1-2: System Error! the frame’s onboard system suffers an error and immobilises itself for 1d6 turns while it works through the problem.

3-4: System Crash! the system suffers an error and is forced to reboot. This takes 1d6 turns, during which time the system is immobile and the HUD is non functional. In some cases, myomar muscles may shut down, causing the suit to drop heavy objects.

5: HUD Error! the system’s HUD suffers a BSOD error. In a sealed helmet, the resulting bursts of noise, blinding lights and/or failure alarms disorientate the user, providing a -5 to all actions. The suit is immobile, the HUD is non-functional, and other systems may fail at the GMs discretion. Initiating a reboot requires a DV10 Computer Use check (the negatives apply!). The reboot takes 1d6 turns, but at least the electronic screaming has stopped…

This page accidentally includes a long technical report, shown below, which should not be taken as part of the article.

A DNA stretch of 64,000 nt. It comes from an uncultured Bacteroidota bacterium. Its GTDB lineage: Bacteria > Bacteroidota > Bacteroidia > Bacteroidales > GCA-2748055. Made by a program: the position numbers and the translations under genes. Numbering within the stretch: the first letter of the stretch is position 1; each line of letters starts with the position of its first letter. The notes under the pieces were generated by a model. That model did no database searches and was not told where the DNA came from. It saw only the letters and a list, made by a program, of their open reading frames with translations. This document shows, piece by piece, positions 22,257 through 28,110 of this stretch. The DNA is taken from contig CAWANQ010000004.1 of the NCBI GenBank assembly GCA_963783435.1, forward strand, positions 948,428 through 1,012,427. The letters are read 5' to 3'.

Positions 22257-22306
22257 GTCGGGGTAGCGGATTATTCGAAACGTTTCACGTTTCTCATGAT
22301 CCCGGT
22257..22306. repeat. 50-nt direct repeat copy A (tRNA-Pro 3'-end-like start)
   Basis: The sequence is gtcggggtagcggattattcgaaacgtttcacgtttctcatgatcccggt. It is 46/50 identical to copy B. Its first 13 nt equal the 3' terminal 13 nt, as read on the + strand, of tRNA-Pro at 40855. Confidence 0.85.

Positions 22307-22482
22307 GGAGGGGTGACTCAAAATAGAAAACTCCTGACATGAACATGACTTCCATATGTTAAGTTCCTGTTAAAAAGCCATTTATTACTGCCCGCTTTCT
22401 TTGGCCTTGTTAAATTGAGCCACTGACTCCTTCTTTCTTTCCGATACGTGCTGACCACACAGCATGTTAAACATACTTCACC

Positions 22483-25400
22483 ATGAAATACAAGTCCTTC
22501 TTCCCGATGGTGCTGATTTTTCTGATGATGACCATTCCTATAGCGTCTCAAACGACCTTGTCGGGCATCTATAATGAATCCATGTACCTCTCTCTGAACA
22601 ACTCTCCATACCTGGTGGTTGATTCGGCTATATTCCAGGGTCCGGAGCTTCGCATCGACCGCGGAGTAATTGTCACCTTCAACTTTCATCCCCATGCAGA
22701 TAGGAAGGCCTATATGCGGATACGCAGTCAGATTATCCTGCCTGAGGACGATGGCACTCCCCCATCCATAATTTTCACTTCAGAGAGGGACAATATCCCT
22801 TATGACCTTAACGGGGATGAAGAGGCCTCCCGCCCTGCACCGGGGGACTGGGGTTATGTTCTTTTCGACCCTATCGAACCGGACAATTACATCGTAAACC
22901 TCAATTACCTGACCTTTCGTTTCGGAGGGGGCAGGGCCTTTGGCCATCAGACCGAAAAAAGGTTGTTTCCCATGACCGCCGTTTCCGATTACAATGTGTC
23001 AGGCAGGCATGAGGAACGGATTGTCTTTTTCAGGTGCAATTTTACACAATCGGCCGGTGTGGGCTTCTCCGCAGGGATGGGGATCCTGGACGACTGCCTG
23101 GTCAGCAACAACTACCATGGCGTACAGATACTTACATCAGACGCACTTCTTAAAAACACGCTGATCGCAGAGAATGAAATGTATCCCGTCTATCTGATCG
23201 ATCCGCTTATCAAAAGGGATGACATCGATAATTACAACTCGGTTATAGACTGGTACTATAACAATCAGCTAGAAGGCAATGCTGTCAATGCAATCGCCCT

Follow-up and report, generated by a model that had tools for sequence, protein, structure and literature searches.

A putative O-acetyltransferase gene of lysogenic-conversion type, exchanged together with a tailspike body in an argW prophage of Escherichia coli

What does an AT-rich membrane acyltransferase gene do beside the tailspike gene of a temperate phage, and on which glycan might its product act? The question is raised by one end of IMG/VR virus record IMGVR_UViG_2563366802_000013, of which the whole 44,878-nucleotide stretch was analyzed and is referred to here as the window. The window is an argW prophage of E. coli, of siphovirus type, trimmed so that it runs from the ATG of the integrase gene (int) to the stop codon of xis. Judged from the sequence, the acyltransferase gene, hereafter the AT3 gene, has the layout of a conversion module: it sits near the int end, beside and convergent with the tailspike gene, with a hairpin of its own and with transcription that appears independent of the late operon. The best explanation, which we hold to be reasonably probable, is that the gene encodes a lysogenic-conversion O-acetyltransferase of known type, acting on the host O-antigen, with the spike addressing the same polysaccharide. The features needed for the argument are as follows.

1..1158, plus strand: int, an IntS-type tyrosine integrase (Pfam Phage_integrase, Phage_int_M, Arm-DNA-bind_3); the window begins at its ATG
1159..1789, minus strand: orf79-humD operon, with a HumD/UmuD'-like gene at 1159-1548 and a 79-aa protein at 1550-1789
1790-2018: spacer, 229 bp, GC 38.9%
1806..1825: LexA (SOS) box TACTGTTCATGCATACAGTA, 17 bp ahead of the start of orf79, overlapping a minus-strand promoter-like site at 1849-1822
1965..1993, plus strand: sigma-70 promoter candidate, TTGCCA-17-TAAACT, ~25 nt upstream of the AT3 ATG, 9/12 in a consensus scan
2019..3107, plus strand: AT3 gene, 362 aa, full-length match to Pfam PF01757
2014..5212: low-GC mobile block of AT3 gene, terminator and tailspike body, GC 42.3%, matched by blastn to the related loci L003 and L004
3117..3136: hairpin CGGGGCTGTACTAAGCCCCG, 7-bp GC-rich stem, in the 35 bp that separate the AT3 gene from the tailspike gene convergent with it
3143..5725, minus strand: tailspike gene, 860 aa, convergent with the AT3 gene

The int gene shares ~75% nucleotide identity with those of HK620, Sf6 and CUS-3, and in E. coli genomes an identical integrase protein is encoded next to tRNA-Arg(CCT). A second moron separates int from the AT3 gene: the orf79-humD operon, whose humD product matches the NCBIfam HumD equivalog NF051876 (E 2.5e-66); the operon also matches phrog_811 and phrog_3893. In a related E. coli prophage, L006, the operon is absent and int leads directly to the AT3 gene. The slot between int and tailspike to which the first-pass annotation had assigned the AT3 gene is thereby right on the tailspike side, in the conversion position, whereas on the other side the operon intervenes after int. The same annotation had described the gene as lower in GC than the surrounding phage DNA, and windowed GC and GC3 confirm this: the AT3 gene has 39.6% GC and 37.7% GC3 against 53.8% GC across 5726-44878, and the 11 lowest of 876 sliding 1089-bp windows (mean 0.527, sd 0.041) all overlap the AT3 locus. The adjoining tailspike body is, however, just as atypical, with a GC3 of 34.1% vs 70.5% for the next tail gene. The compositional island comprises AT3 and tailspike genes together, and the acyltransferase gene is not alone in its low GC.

6: Motion Failsafe Error! the systems designed to prevent the suit moving outside of natural limits of motion fail. Roll a D6:

1-2: the suit damages itself. Roll on the hit locations table and apply damage as if the user had inflicted an unarmed attack on herself.
3-4: an actuator breaks. The limb is now hanging loose on the frame, forcing the pilot to handle any load.
5-6: the pilot’s limb is wrenched along with the mechanical system. Limbs are wrenched out of sockets, torsos are crushed, necks are snapped… apply 2d6 damage to a random hit location.

7-8: Stress Fracture! something breaks. Roll a D6 then roll on the combat hit locations table. This part of the frame has broken:

1-2: motor functions are impaired, immobilising an affected limb or neck.
2-4: the section breaks cleanly and is now non-functional. Any subsystems in that section of the frame cease to function.
5-6: the frame section breaks catastrophically, causing 2d6 damage to the meat below.

Any NBC, pressure or environment seals are automatically broken in the event of a stress fracture. A torso fracture or head fracture is also likely to cause venting of stored oxygen, etc.